I went to the opening night cocktails at Matilda's/Baby Atlas on Sheffield last night, which was a really cozy and friendly venue for the event, and had the opportunity to meet some interesting local writers, editors, designers, and fans.

This is by no means an exhaustive list but I had the fortune to meet Chicago native and writer June Blazek who just graduated from DePaul and is working on a new book. June will be moderating the panel on Saturday about giving public readings. I also ran across Greg Hartel, owner of the very cool coffee shop The Fixx who clued me into the local Chicago horror/speculative group Twilight Tales. Twilight Tales has been publishing online and in print for a number of years and also has regular reading events at some of Chicago's classic pubs and venues.

(more photos at the Pilcrow Flickr pool)

Tonight will be my first trip to see Reading Under the Influence, which if it's half as good as people say will be a blast. Fun random fact: Reading Under the Influence was co-founded by Chicagoan Joe Meno, who among other things was the book review editor for Punk Planet Magazine when Silverthought: Ignition was reviewed there by another local Chicago Person of Coolness, Ari Joffe.

I'm also hoping to head over to The Book Cellar on my way to RUI tonight to visit. They're the official bookstore for Pilcrow and by all accounts a terrific indie bookstore.

Friday, May 15, 2009

The Place to Be

Aside from preparing Red Ivy Afternoon for the Pilcrow Rebuilt Books auction (this year on behalf of Young Chicago Authors), some other fun stuff has been happening. John used the potty successfully for the first time today (yay!), and apparently Creed is on tour again. I warmed slowly to Creed back in 2001 right around 9/11 so they have always held sort of a small place in my heart. It might speak to the power of scarcity though that when they broke up I thought "shit, I won't get to see them live" and now that they're on tour I took one look at the $50 stadium-lawn-monster-show tickets and though "eh, no thanks." Apparently I only DO want the things I can't have.

Here's some new fun springtime music. I left "I Remember" by Damien Rice because frankly a hundred listen-throughs isn't enough of that song for me. I added "The Safety Dance" by Men Without Hats which was featured on a hysterical recent Family Guy episode, "My Sacrifice" by Creed because that's what I listened to the day after 9/11, and "The Eye in the Sky" by the Alan Parsons Project. I heard it on the satellite radio at work the other day and rushed to the reciever to identify it. It's one of the first pieces of music I have any memory of from when I was maybe just a bit older than John. It's both a bizarre and strangely groovy tune, otherwise I have no excuse for it.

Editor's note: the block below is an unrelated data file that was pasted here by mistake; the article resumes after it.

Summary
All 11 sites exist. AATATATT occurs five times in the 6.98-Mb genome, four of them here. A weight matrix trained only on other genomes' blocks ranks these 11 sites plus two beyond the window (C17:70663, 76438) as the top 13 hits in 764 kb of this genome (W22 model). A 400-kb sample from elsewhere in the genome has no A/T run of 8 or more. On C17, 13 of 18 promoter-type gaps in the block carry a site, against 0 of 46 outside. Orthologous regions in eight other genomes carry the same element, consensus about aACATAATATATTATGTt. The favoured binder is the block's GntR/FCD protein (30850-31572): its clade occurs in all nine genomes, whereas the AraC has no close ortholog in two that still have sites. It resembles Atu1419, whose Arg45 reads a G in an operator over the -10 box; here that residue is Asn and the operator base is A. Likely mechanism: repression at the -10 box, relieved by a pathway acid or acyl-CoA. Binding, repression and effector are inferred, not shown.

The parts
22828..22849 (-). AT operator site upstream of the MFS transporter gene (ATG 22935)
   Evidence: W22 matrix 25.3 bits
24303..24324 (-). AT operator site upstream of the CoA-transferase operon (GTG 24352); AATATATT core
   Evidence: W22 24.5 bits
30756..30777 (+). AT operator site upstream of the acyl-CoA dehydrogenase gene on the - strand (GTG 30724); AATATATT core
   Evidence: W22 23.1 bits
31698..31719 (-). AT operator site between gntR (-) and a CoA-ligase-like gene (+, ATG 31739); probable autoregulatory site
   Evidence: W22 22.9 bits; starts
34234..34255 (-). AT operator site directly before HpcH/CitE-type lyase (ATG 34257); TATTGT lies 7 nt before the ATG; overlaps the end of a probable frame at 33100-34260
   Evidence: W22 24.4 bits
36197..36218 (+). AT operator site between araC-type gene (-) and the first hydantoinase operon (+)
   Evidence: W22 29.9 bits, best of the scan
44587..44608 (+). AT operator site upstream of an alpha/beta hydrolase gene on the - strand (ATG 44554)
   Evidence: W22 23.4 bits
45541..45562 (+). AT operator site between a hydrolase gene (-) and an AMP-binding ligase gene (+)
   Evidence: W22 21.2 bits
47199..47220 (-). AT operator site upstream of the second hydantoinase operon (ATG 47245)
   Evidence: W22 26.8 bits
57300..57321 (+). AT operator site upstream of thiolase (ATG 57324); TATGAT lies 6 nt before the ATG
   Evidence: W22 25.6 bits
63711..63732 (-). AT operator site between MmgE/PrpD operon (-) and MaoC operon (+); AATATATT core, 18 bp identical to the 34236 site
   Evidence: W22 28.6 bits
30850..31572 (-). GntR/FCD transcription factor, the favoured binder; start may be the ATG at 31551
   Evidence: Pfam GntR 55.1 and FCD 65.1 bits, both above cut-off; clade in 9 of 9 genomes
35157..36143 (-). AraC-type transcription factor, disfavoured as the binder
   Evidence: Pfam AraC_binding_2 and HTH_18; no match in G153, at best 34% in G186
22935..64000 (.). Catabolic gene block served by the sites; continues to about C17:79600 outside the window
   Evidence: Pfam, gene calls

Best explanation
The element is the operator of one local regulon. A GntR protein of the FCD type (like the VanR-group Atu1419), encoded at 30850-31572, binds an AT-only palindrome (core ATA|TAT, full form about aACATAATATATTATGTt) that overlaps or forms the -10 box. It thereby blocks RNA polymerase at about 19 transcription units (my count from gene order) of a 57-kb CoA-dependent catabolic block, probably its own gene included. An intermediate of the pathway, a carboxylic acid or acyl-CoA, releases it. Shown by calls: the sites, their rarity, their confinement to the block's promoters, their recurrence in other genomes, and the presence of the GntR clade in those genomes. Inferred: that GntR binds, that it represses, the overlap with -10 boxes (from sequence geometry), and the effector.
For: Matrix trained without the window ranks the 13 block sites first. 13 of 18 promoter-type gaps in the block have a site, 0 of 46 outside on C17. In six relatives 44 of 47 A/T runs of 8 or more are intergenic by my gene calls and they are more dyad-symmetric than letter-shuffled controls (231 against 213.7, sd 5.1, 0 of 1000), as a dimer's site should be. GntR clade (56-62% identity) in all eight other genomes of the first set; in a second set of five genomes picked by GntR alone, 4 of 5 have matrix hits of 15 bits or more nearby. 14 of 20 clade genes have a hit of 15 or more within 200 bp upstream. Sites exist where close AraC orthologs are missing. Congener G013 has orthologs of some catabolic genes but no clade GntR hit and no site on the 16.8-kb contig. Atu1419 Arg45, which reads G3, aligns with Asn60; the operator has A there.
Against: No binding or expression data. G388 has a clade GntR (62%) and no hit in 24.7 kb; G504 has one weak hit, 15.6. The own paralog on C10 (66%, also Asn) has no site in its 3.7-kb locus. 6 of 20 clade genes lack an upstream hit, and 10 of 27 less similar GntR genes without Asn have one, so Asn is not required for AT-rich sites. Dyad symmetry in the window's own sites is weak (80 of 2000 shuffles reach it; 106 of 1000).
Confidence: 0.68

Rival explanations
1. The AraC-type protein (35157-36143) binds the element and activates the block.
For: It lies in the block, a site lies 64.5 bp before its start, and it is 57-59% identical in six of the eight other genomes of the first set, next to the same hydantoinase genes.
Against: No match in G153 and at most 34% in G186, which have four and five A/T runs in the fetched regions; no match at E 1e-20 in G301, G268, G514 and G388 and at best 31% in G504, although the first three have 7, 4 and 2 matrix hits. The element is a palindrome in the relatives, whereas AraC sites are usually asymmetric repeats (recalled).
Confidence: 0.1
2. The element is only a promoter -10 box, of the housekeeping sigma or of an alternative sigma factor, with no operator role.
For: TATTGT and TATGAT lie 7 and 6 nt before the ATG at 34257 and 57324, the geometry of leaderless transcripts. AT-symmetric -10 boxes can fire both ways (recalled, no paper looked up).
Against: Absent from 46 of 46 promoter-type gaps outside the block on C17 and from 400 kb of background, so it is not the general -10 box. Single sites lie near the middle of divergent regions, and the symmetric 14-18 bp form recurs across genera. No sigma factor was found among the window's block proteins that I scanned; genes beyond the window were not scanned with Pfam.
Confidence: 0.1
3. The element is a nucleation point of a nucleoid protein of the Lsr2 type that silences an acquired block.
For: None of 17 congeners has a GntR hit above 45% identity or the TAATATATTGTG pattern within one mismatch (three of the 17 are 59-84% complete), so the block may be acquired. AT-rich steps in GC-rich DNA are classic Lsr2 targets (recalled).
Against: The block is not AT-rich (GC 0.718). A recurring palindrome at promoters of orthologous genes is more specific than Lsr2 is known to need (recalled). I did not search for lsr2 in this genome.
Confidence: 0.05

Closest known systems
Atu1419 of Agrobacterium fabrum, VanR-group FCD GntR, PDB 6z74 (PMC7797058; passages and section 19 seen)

Unemployment, Day 1

I probably won't post this for a while because I'd rather not broadcast my unemployed status to the whole world just now, but I'm going to write these just to keep track anyway.

Last week my boss called me into the office and gave me the bad news. He was actually really nice about it and even though I hadn't agreed with all of his management decisions, he was always a pretty good guy in general to me and my family, so I could tell how much it bothered him to have to give me the pink slip. I only got about two days notice, so I decided instead of going directly home and not coming back like my other co-worker did (which was probably the smarter thing to do, but oh well), I stayed for the remaining two days to sort things out and say goodbye to my patients. Most of my closer friends and co-workers had already left at this point, so the goodbyes with the remaining staff were a little awkward. I could tell that my leaving meant all of a sudden they were being asked to do my job, which was not small. If you're reading this guys, sorry about that.

Anyway, it was long past time I find somewhere closer to home without such demanding hours, so this came at as good a time as I was likely to get. I filed for unemployment benefits this morning and Obama's new plan has boosted this program to help people like me survive the inevitible layoff deluge that has been happening. Just in Illinois, the unemployment rate is now pushing 9 percent. I think the national average is even higher.

Ironically, the weekend before, I had signed up to take the GRE and go back to college. The economy as shitty as it is, I didn't figure there was much point in trying to eke out a stalemate with my finances for the next couple of years. Very little that happens in the next probably two years will mean much in terms of advancing my career. There just isn't capital. So back to school for me it will be in probably a year or so or however long it takes me to get into a PhD. program for sociology. UIC has a kick-ass sociology program with people researching things like organized labor for healthcare workers and the restructuring of the healthcare industry in the coming decade. Very, very interesting stuff.

Anyway, I thought this first day was going to absolutely suck and be deppressing, but I think I might be over my initial deppressed feeling already. I'm sitting in my own home office with the windows open and the sun and breeze pouring in and I'm making lists of my contacts to call for job opportunities. And I'm listening to the Alan Parsons Project. That I have no excuse for.

Saturday, May 02, 2009

"If you dig it, do it. If you really dig it, do it twice." - Jim Croce